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The Apostle Paul said “each of us has one body with many members” (Romans 12:4-5). In a similar fashion, Willi Dalaba, LCSW, sees people composed of different parts that make up the whole. Physical, mental, emotional and spiritual all combine to make up an individual. A good counselor, she believes, may need to help a client bring into a better balance these different aspects of their personality. This is part of the theoretical grounding and expertise that Willi Dalaba brings to her years of counseling experience.
Willi received her master’s degree in 1975 from Bryn Mawr College in Pennsylvania with dual emphasis in clinical skills and research evaluation. The Graduate School of Social Work and Social Evaluation provided training within a psychoanalytic framework. Her style, originating within this medical model, is one more eclectic and seeks to incorporate a strength perspective. Her interest in paying attention to spiritual assessment and development has grown as her own spiritual path unfolded.
Her initial work following graduation was with incarcerated adolescents. From that developed a love of working with youth and adolescents. “I can recall being a teenager, and it wasn’t all fun”, she’ll tell you. Since then she has devoted a lot of time and attention to children, particularly in foster care and those with attachment disorders. The last twelve years have seen Willi devoting more time to private practice with adults, couples and families.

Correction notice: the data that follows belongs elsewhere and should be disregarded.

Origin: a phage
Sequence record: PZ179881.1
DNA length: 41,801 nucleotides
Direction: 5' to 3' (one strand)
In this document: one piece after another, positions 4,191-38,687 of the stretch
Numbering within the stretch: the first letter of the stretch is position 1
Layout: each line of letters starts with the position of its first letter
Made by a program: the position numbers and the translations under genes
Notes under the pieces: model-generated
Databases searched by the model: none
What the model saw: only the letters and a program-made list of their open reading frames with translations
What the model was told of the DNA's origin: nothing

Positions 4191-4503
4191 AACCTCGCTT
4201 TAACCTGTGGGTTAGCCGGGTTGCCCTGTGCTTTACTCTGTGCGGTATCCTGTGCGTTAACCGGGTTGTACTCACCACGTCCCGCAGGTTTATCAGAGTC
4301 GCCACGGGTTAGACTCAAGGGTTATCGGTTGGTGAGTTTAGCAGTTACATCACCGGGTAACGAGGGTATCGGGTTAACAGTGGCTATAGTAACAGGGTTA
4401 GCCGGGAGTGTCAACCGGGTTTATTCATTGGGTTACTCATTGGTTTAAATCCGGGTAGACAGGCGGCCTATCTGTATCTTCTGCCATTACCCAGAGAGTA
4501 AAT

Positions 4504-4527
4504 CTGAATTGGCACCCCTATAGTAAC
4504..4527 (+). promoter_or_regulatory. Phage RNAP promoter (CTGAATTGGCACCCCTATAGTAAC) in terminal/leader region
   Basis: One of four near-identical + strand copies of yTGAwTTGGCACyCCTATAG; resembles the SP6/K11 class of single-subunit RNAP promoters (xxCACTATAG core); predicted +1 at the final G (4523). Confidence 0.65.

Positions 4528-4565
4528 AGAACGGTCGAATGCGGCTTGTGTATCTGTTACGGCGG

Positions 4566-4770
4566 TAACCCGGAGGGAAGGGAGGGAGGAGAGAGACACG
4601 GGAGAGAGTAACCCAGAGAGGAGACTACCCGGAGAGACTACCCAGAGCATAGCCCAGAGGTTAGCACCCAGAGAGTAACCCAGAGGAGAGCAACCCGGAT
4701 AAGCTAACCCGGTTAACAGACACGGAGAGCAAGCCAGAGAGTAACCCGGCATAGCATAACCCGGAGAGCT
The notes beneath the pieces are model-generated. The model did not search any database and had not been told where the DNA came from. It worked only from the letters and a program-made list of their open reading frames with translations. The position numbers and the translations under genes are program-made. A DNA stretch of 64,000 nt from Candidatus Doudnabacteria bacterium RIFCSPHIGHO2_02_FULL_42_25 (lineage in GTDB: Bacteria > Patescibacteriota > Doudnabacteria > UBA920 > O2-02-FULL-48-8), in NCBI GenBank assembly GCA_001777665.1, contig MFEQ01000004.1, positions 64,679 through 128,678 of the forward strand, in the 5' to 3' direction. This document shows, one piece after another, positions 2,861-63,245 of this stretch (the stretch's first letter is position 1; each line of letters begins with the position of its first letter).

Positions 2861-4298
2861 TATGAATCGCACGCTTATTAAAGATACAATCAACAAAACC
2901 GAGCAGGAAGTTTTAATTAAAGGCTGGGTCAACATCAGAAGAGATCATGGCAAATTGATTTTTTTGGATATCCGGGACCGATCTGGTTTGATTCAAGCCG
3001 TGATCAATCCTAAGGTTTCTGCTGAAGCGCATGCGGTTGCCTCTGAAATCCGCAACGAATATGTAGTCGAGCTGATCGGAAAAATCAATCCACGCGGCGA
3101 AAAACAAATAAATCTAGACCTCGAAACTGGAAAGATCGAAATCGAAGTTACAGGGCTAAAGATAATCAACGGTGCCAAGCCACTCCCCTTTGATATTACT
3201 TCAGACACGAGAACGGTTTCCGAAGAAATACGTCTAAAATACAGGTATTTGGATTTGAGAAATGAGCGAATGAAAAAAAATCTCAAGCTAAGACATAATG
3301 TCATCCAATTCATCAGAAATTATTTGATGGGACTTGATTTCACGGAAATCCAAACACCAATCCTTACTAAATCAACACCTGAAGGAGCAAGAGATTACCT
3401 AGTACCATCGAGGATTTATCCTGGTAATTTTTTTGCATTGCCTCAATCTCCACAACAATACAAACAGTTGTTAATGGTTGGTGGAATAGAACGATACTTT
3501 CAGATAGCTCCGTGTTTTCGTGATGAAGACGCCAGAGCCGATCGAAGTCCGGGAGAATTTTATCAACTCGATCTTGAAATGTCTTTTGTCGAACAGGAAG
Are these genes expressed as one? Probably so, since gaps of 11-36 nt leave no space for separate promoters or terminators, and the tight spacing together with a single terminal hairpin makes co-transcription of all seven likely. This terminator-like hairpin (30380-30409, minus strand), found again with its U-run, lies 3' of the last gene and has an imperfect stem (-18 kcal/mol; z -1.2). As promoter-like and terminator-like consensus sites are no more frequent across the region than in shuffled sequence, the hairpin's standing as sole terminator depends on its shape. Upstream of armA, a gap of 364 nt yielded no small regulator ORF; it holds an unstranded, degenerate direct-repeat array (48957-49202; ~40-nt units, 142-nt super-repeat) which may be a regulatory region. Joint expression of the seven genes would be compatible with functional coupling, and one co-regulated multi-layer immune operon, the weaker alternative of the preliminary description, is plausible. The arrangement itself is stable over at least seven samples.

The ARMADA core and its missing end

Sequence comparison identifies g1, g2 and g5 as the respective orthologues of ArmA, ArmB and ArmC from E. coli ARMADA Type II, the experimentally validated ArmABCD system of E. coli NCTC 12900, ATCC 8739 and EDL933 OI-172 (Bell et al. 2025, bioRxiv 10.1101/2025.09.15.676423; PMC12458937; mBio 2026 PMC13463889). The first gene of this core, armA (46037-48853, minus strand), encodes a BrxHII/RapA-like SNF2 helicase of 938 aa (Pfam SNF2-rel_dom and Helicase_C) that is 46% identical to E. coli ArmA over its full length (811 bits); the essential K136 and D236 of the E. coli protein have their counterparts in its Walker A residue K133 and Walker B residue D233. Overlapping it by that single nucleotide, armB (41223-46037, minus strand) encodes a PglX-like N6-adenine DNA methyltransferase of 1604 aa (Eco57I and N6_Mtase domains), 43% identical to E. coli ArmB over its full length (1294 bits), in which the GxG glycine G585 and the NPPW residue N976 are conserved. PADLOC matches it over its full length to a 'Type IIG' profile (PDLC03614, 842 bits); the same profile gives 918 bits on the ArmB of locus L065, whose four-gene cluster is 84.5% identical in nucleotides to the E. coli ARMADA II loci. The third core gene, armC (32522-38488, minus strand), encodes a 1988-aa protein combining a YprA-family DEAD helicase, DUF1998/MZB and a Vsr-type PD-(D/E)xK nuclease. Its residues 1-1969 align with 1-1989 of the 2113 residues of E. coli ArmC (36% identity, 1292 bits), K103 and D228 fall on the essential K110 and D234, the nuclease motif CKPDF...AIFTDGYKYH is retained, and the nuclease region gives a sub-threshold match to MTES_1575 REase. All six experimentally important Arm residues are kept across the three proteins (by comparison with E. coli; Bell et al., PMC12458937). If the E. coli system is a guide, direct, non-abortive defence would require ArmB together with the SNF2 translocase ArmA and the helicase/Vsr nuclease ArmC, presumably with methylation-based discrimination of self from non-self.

Arising from her work with children in foster care, Willi became the founding director of HOPE (Helping Other People’s Enrichment), a nonprofit therapeutic foster care agency in Gloucester, VA. Since leaving HOPE in 2001, she has focused increasingly on using her clinical and counseling skills. Willi works with individuals, couples and families on issues that include the spectrum of mood disorders, grief and loss, with multicultural heritage and culture issues. She works with adolescents as well as those with geriatric needs, does coaching and counseling in lifestyle changes, and likes seeing her clients move into feelings of increased empowerment.
Willi is a long time member and past board member of the North American Association of Christians in Social Work (NACSW). She chaired their 54th annual conference, one focusing on international social work. She is a member of the National Association of Social Workers (NASW), traveling in 2006 as a delegate to a joint conference in Beijing between Chinese and American social workers. She is a certified domestic violence counselor as a member of the Association of Forensic Counselors. She and her husband Jack are members of Rising Hope United Methodist Church, a church devoted as a ministry to serving a homeless population. She is a frequent presenter at conferences and workshops and enjoys bringing her skills into play with a larger audience.
She and her husband have four children with family being important to them. In her spare time Willi enjoys cooking, traveling, reading, yoga, and listening to classical music.
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